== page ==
E&OE…

Ben Fordham

We’ve had four fatal terror attacks on Australian soil in less than three years, all four in the name of radical Islam. Zed Seselja says we should be having a reasonable and honest conversation about the inspiration for Islamist terrorism. And Zed Seselja, the Assistant Minister for Multicultural Affairs is on the line. Minister, good afternoon.

Senator Seselja

Good afternoon Ben.

Ben Fordham

Congratulations for not pulling your punches and calling it how it is.

Senator Seselja

Yeah look, thank you Ben. I think it’s really important. I was talking last night in the context of Multicultural Australia in my role as Multicultural Affairs Assistant Minister. There’s no doubt that if we want to maintain what we have, and most Australians really support that diversity, then I think obviously we have to do all we can to keep Australia safe. And it is important that we have an honest conversation.
The point that I made in the speech is that, you can point to the specific motivation of some terrorists without condemning the entire Muslim community. We are mature enough, we know most Muslims reject this Salafist, Jihadism which inspires some people to go out there and take innocent lives. You know, we need to do that. We need to have that honest discussion.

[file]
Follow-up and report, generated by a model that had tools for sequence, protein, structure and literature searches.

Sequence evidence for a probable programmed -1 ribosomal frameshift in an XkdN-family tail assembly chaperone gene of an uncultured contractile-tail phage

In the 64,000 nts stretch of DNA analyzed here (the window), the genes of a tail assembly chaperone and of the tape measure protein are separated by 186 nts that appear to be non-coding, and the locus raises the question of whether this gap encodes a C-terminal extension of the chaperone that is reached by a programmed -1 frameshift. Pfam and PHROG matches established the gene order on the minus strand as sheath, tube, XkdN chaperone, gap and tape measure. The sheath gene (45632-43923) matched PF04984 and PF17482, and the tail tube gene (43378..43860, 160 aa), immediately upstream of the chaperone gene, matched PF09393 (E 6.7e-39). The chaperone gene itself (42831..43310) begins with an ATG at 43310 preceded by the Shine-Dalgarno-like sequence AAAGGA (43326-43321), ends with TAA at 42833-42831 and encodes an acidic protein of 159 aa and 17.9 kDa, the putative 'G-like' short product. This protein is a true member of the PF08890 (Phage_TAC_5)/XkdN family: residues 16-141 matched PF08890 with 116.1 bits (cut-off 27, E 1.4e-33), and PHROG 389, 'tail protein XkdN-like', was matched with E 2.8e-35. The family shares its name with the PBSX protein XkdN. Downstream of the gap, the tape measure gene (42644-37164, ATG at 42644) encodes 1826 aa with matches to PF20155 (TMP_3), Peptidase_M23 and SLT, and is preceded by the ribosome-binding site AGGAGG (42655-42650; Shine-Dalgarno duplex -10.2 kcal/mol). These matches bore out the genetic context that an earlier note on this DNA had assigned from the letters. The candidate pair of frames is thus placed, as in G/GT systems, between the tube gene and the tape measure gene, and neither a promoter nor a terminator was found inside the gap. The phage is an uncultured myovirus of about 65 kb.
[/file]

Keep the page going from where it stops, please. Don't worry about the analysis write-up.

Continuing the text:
The other point I made, and this goes to some broader issues, is that we as a nation have also been a bit soft. Our courts in particular have been soft on extremists. That includes some who are terrorists and some who are just violent killers. Either way, they’ve done a disservice and people have in some cases died as a result.

Ben Fordham

Yeah look, I don’t think that Australians per say go out of their way to make life difficult for people when they come from other parts of the world or they follow different religions to them. I have sited many times, Minister, an experiment that was carried out in Hyde Park in the centre of Sydney. Some Muslim students did a bit of a test. They set up a scenario where someone, an actor, was picking on a young Muslim girl based on what she was wearing and they wanted to see how ordinary Aussies reacted. And every single time it happened, someone stepped in to say “Hey, we’re not going to cop that! You’re not going to do that around here.”